I’m wondering whether it took me as long to read He Knew He Was Right (1869) as it did for Trollope to write it. At almost 1,000 pages long, it’s the size of a business directory, and was instrumental in my decision to buy a Kindle rather than continue grappling with similarly unwieldy tomes. Trollope had recently resigned from his Post Office posiiton when he began writing this novel, and his unsuccessful bid to enter Parliament presumably left him with an unexpectedly large amount of time on his hands. No doubt Mrs Trollope encouraged him to take on a major project so he didn’t get under her feet or start bothering the cook.
Anyway, He Knew He Was Right is the story of Louis Trevelyan, a middle-aged man who has bagged himself a much younger and adoring wife, Emily. Despite being thought a lucky dog by his friends, Trevelyan convinces himself that Emily has been encouraging the attentions of Colonel Osborne, a superannuated roué who is an old friend of her family. In fact, she has been communicating with him simply to arrange for her father to be brought back from the Mandarin Islands, a territory which he governs.
Trevelyan’s jealousy grows into “morbid monomania” and his behaviour becomes increasingly erratic. He effects a separation from Emily when she refuses to apologise for a sin she hasn’t committed. Frustrated by Emily’s dignified reaction to his unreasonable demand for complete subjection, Trevelyan hires a dubious private detective by the name of Bozzle, abducts his own son, and finally exiles himself to rural Italy. He unravels in front of the reader’s eyes, suffering a complete mental and physical breakdown.
The novel is a forensic examination of marriage, written at a time when the recently-established Divorce Court was exposing middle-class families to unprecedented scrutiny. Trevelyan clings desperately to the idea of his unquestioned authority in the household and is bewildered to find himself challenged on all sides when his personal affairs are made public. Perhaps unintentionally, Trollope makes clear the double standard which made it relatively easy for husbands to abandon inconvenient wives through unfounded accusations of adultery, whereas wronged wives found it almost impossible to extricate themselves from unfaithful husbands.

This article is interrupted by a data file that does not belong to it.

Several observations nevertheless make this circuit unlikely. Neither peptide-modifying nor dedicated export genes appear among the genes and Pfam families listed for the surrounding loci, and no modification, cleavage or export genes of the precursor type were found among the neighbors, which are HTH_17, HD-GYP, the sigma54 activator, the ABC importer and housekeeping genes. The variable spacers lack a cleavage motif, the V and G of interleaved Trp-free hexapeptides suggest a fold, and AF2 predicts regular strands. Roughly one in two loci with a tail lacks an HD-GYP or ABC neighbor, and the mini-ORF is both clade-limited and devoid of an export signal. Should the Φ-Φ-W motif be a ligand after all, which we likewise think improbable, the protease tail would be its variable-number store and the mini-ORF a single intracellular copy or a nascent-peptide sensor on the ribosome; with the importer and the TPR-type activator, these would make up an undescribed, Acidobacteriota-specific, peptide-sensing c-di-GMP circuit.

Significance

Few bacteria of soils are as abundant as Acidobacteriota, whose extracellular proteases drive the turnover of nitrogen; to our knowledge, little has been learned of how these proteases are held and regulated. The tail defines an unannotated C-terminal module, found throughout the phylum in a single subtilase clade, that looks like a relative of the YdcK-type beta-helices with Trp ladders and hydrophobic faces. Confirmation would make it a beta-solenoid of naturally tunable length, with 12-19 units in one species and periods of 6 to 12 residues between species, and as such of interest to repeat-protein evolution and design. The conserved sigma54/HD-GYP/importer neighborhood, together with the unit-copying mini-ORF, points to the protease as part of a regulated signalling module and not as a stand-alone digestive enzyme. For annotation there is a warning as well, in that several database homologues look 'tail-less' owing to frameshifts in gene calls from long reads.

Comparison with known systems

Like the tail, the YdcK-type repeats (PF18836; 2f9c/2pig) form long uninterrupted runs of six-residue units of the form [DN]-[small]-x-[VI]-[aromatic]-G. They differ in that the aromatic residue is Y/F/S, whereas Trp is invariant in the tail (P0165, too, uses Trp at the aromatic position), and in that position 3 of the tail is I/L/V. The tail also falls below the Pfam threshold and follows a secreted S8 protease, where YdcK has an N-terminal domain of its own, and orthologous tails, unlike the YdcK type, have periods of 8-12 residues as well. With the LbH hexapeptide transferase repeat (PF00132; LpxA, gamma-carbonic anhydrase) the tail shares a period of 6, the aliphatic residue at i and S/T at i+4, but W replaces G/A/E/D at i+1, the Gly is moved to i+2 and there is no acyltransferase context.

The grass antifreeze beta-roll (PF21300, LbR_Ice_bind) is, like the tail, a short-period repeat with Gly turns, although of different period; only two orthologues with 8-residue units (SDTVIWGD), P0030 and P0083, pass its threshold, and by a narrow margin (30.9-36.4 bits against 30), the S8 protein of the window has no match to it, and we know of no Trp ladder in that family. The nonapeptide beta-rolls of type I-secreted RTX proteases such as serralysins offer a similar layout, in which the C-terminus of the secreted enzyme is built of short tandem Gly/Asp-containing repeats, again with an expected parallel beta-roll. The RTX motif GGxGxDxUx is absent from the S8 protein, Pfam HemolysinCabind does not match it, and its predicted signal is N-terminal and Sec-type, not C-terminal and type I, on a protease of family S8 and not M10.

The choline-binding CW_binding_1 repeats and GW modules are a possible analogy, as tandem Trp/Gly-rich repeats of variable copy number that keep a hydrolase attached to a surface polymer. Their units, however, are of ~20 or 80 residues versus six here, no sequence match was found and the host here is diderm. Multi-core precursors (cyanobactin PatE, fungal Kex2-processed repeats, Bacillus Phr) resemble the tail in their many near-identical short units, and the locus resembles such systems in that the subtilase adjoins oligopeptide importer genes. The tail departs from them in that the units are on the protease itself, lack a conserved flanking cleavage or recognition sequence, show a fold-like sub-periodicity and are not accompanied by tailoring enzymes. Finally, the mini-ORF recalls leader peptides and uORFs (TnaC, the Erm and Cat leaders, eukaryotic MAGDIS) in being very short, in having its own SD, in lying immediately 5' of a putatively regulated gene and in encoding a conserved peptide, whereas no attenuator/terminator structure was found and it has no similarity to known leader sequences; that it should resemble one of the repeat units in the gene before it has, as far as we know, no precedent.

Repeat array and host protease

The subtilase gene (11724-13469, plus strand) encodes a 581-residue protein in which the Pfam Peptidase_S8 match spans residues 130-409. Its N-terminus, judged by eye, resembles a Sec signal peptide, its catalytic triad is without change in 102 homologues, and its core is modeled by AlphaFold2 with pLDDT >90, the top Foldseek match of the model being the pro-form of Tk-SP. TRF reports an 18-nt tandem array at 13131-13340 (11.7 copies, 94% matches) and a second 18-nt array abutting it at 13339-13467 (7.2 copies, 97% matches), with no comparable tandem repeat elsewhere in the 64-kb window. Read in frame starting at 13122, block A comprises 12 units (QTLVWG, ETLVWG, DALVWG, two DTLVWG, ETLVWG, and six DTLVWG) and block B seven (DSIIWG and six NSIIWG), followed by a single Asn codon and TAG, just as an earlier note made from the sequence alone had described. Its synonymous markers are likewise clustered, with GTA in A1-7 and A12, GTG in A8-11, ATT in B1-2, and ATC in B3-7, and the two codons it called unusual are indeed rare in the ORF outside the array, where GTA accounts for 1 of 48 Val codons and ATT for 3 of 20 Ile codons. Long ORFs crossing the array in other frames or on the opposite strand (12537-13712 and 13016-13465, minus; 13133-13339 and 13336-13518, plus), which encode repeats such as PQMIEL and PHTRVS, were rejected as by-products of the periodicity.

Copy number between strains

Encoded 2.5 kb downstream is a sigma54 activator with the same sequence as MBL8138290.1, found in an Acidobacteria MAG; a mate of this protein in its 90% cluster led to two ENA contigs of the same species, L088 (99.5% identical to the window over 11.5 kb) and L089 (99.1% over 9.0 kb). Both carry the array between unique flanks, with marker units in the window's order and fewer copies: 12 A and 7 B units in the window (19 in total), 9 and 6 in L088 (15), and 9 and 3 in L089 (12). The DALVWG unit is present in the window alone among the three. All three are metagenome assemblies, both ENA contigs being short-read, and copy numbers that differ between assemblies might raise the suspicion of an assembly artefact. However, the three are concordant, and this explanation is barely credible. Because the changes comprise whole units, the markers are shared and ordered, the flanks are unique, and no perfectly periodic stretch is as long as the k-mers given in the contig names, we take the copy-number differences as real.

As is evident throughout his fiction, Trollope is uncomfortable with the issue of women’s rights. Many of his novels argue forcefully that wives should remain in the private sphere and subordinate to their husbands. He Knew He Was Right is particularly interesting in this regard, as there is a perceptible change of opinion developing through the narrative. By the conclusion, Emily is completely absolved of blame, with her husband described as a “maniac” and portrayed as an anachronism. Margaret Markwick in her excellent Trollope and Women thinks he was influenced by reading Eliza Lynn Linton’s The Girl of the Period – a series of profoundly anti-women articles written for the Saturday Review. Her ridiculously exaggerated portraits of emancipated women made Trollope realise that such an extreme stance was unhelpful and nudged him into reconsidering his own opinions. In any case, the Saturday Review was no friend of Trollope and he was possibly disinclined to align himself with their ante-diluvian editorials. Incidentally, their reviewer dismissed He Knew He Was Right as “simply repulsive”.
Trollope’s fear of strong women is still evident, however. Wallachia Petrie is a highly unflattering portrait of a women’s rights activist, and her outspokeness is contrasted unfavourably with Emily Trevelyan’s quiet determination. Trollope also dodges the opportunity to champion the role of the “surplus” woman. He tentatively suggests that improved employment opportunities might be necessary for women who are unable to marry, but then fails to develop Priscilla Stanbury, his spinster character, instead relegating her to the sidelines with an air of resignation.
Overall, He Knew He Was Right is a protracted and confused novel, perhaps reflecting Trollope’s struggles in resolving both his views and the plot. It is one of his darkest and most psychological novels, leading Henry James to describe the conclusion as an affront to “conventional optimism”. Mind you, Trollope did reuse a large chunk of the plot in his novella Kept in the Dark (1882), this time with a happy (if frustrating) ending. The meandering plot has Shakespearean overtones, with tragic elements of King Lear and Othello, ocassionally leavened by a nod to The Comedy of Errors. He Knew He Was Right is an intriguing but unendearing novel. Had he lived a little longer, perhaps Trollope would have produced a more enlighted version: She Knew He Was Wrong.